It may be possible by using a PWM signal to sink current. I believe Arduino can sink 40mA. By changing the pulse width the AVERAGE current will vary. If the gauge responds to this in a linear manner you could try this method but make sure the voltage does not exceed 5V. It would be an advantage also to know or measure the source impedance to make sure the microprocessor is not asked to sink more than its capability.
You still have to have some means of telling Arduino or whatever how full the tank is.

As a point of interest did the level sender come with the gauge.

If this is a fuel tank keep the risk of explosion well in mind. Variable resistors with a sliding contact could spark.
Cheers Bob

For that particular component you would need to provide offset resistors. But there are many varieties of digital potentiometer that are available and it is likely that you would be able to find a device more directly suited to your application. See, for example:
AD5171 Digital Potentiometer

The digital potentiometer requires 3-5v to drive it. If your question is whether the 5v output from a MCU board would be adequate, then the answer is Yes. But the MCU needs a DC supply, and the 12v from a motor vehicle battery is not suitable, as it can range up to 14 volts or more, and is very noisy. Whether it is for the digital potentiometer or for the MCU, you will need some form of power converter.

Thanks for your reply Bob.
Still in the ‘thinking’ stage. I only have the gauge. Rather a ‘steam’ gauge than electronic, and 270 degree sweep.
I envisage using a capacitance fuel probe which gives an accurate reading over the whole range, as apposed to a fuel sender with reed switches that will switch at each point (like the image in the owners manual). I can then map the input value from the probe in the microcontroller to suit the non-linear tank. Probably also add flashing led function for low fuel indication.
Yes, I would say voltage through the signal wire would change depending on the resistance of the sender.
I would not know if the gauge is like a stepper motor, and depending on the voltage on the signal wire, gives the gauge reading, or if it is current based.
The voltage divider setup inside the gauge I had seen on some previous place on the internet (cannot remember where) that someone had drawn as to what ohm value fuel gauges are like.

How can/does an Arduino sink current?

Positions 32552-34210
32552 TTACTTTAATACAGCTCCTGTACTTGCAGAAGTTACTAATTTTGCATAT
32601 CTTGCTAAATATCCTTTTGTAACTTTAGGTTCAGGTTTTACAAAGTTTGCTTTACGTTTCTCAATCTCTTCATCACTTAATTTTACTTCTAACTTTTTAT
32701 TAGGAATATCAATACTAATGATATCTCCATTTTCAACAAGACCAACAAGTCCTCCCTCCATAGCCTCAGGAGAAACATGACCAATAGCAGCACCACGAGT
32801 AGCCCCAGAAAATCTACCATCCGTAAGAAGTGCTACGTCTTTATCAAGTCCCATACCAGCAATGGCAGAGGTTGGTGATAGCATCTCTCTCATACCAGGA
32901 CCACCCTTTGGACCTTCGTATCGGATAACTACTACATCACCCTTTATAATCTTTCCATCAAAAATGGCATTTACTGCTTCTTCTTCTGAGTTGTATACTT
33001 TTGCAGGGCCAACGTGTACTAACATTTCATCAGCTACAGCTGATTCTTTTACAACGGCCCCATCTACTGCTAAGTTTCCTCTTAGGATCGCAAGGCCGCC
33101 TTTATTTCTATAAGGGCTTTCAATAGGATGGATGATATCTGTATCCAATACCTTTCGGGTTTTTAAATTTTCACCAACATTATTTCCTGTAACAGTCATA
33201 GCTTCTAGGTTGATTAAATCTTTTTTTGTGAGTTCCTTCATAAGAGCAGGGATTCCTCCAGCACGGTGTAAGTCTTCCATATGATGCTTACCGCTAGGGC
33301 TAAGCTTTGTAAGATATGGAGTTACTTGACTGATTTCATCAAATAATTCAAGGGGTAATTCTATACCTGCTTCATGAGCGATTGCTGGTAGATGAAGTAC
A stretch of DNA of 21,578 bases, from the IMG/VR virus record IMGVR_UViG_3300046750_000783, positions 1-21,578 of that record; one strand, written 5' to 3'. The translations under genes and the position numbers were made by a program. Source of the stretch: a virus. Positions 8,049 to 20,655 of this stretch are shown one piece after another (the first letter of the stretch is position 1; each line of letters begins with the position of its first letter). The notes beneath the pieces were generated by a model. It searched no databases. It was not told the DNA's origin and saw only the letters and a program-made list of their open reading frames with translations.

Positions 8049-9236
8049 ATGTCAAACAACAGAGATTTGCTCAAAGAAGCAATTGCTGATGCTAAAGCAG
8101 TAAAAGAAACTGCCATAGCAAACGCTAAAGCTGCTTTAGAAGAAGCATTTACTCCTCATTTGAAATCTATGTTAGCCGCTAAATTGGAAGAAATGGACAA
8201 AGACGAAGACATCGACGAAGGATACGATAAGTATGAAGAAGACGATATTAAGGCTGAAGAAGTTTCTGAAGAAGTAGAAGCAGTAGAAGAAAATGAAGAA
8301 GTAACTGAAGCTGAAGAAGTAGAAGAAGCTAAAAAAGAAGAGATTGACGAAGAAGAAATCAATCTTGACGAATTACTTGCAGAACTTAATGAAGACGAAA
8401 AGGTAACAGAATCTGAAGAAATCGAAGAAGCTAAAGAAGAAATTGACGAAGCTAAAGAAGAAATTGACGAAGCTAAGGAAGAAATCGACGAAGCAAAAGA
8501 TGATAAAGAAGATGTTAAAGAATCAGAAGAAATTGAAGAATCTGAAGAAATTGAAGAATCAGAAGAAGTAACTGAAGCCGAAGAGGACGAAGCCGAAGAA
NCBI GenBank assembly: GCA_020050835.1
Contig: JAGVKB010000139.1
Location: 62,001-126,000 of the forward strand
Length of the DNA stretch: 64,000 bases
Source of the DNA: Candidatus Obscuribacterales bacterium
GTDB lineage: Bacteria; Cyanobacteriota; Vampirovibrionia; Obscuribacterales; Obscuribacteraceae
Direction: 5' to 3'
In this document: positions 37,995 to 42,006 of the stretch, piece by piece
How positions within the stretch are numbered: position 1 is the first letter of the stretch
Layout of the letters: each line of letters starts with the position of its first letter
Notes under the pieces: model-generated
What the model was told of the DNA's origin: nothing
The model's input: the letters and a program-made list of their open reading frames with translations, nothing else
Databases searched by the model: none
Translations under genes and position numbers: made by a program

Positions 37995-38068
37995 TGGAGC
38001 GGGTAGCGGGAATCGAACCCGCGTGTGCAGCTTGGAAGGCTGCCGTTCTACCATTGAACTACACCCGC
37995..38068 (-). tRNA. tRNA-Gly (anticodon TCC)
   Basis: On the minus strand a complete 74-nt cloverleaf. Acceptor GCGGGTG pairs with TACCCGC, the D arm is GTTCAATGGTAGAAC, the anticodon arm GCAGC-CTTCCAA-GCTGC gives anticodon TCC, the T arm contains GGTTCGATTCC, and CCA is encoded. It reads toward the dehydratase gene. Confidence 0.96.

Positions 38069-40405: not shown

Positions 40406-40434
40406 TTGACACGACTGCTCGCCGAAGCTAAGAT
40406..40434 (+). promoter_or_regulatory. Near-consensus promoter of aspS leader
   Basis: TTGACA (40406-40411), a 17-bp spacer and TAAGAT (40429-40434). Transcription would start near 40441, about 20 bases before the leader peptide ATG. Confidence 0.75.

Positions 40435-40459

Regards… Rossco

Thanks, Jeff.
As mentioned, my knowledge is limited ATM.
I cannot work out how the Arduino link or data sheet on the Digi Pot can control the amount of resistance passing through it.
Yes, Will put a controlled 10 V supply to the microcontroller/Arduino.
Kind regards… Rossco

There sender is a variable resistor. The switch in the owners manual turns the back light on or off.

Would not matter. The works in the gauge process the information from the sender then drive the meter accordingly. It would not be driven directly by the current through the sender.

So would I.

When the PWM signal is high it can source current (40mA). when it is low it can sink current from an external source (40mA)

If you can get a probe that gives a suitable output and the PWM to sink current works then you could certainly re-map and use the result to control the PWM signal. I would try the PWM idea first and see if it operates the meter ok. Don’t worry if it seems to work in reverse, that can be fixed in the Arduino sketch or mapping.

Resistance does not pass through anything. Resistance restricts (resists) the current passing with a given voltage. Similar to turning a tap partly off, the water pressure does not change but the flow rate does.
Cheers Bob

The gauge reads the resistance between the signal (pin 2) and earth. The equivalent to the digital potentiometer would be an ordinary manual pot with a servo attached to the shaft and the Arduino controlling the servo using PWM (which was actually the way it was built in the first high-end audio amplifiers that had remote volume control). But instead of a pot it is a digital switch that switches different combinations of resistors in any out of circuit, and instead of PWM it is a serial communication channel.

If the gauge was reading resistance to the supply voltage you would be able to substitute a variable voltage for the variable resistance, perhaps by integrating a PWM signal. But it is reading resistance to earth, so the option of using a voltage source doesn’t exist. Motor vehicles will always use a sender that varies resistance to earth because it makes the device a single wire connection, and the supply voltage varies too much anyway.